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Reindeer stop the clock to cope with polar days and nights

12 Mar 2010

Reindeer have 'switched off' their body clocks in order to survive the extreme Arctic seasons of polar day, when the sun stays up all day, and polar night, when the sun does not rise above the horizon at all, scientists have discovered.

Svalbard reindeer, Spitsbergen Island, at midnight in mid-summer
Svalbard reindeer, Spitsbergen Island, at midnight in mid-summer

The body clock, or circadian clock, is the internal mechanism that drives hormone rhythms - and thus a host other functions - in a rhythmic 24-hour fashion. Light-dark cycles drive hormone rhythms via a circuit that involves the eye and nervous system affecting hormone production, in particular melatonin. In most mammals, this wiring circuit also involves the circadian clock, which is able to drive the hormone rhythms even when there is no light dark cycle.

In Arctic reindeer, however, the internal clock element is missing.

Co-author Professor Andrew Loudon, of The University of Manchester, said: "In order to survive in extreme Arctic conditions, reindeer may have abandoned use of the daily clock that drives biological rhythms in temperate zone organisms.

"In fact such daily clocks may be positively a hindrance in environments where there is no reliable light dark cycle for much of the year. Organisms use their circadian clock to correspond with their living environment; but if their environment has a very different cycle, it may be better to follow that rather than use the internal clock."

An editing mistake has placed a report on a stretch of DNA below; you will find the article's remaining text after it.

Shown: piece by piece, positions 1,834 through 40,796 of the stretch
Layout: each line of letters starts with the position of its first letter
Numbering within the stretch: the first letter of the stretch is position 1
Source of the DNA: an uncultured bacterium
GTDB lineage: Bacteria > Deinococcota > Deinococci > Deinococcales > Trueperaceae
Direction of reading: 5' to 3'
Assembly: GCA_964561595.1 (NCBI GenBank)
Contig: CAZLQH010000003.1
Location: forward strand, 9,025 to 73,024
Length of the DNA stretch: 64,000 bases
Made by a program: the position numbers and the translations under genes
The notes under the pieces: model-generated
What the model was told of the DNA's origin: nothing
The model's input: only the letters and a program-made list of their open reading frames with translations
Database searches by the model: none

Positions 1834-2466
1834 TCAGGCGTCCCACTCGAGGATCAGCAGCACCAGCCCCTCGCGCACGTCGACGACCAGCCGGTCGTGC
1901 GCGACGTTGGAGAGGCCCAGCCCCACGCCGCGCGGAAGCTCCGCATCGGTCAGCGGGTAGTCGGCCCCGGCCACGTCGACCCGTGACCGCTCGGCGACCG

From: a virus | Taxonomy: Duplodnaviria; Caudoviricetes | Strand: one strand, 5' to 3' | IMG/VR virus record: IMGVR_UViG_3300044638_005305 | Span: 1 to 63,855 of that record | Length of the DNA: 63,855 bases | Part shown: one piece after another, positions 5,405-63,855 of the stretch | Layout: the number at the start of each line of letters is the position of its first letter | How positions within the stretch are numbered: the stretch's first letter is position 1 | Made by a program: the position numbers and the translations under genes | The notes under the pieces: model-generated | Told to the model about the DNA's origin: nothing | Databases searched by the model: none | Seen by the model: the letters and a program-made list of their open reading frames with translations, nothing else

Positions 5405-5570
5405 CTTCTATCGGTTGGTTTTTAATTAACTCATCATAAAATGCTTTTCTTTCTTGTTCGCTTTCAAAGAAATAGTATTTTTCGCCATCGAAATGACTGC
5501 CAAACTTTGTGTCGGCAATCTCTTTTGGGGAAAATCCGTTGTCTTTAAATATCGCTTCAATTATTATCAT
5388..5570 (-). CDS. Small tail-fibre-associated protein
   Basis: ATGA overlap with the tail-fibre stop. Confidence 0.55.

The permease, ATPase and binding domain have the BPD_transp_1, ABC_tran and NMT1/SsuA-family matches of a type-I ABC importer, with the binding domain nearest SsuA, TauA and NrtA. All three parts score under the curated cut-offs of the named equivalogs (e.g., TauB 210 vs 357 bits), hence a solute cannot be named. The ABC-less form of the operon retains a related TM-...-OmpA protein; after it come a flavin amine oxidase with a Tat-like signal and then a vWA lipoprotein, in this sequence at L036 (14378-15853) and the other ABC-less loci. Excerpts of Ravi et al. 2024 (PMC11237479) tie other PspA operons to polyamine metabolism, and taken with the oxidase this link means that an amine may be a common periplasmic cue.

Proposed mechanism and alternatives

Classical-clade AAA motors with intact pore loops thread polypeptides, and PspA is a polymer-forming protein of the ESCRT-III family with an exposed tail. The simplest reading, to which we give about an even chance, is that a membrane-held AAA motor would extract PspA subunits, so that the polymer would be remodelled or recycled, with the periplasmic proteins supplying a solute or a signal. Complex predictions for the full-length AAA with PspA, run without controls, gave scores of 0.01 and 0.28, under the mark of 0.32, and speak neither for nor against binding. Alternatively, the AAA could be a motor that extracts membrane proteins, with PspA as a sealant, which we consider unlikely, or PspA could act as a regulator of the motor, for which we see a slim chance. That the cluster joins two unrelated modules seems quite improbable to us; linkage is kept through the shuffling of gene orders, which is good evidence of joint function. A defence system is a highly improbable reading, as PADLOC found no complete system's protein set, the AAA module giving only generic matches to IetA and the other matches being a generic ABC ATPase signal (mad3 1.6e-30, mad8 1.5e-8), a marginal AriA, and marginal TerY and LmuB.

He added: "This could be the case for a range of animals living at the poles of the earth or in the depths of the ocean."

Professor Loudon and his colleagues at Manchester's Faculty of Life Sciences and the University of Tromso, in Norway, studied reindeer living in Northern Norway at 70 degN, 500 km above the Arctic circle, where there is 15 weeks of continuous daylight in summer and 8 weeks without sunshine in winter.

They investigated levels of the hormone melatonin in the blood of the reindeer and showed that there was no natural internal rhythm of secretion - rather the hormone simply responded to the prevailing light dark cycle. Melatonin serves as a biological signal for daylength-dependent functions such as sleep, reproduction, behaviour, coat growth and camouflage colouring.

The team, whose findings are published in Current Biology today (11th March 2010), also studied the clock genes by collecting skin cells and showing that the molecular clock in these cells did not oscillate.

They believe that the reindeer have the full range of normal clock genes, but these are regulated in a different way.

Professor Loudon said: "We were very surprised by the clock gene data and that we could not see oscillations in reindeer cells.

"We believe that evolution has come up with a means of switching off the cellular clockwork or perhaps that there is still a circadian rhythm running in some tissues but these are disconnected from the usual outputs - i.e. they have lost the hands but not the gears of the clock. Whether it is a stopped or disconnected clock, the result is a lack of internal daily timekeeping in these animals.

"This study indicates the paramount importance of studying natural diversity in nature before jumping to conclusions about how the clock operates. Fascinatingly, in man there is now strong evidence showing that disruption of the circadian clock can lead to disease. Clearly, in animals such as reindeer these problems have been circumvented."

Notes for editors

The paper 'A circadian clock is not required in an Arctic mammal' (Current Biology) is available.

For a copy of the paper, an image or an interview with Professor Andrew Loudon, contact Media Relations Officer Mikaela Sitford on 0161 275 2111, 07768 980942 or Mikaela.Sitford@manchester.ac.uk.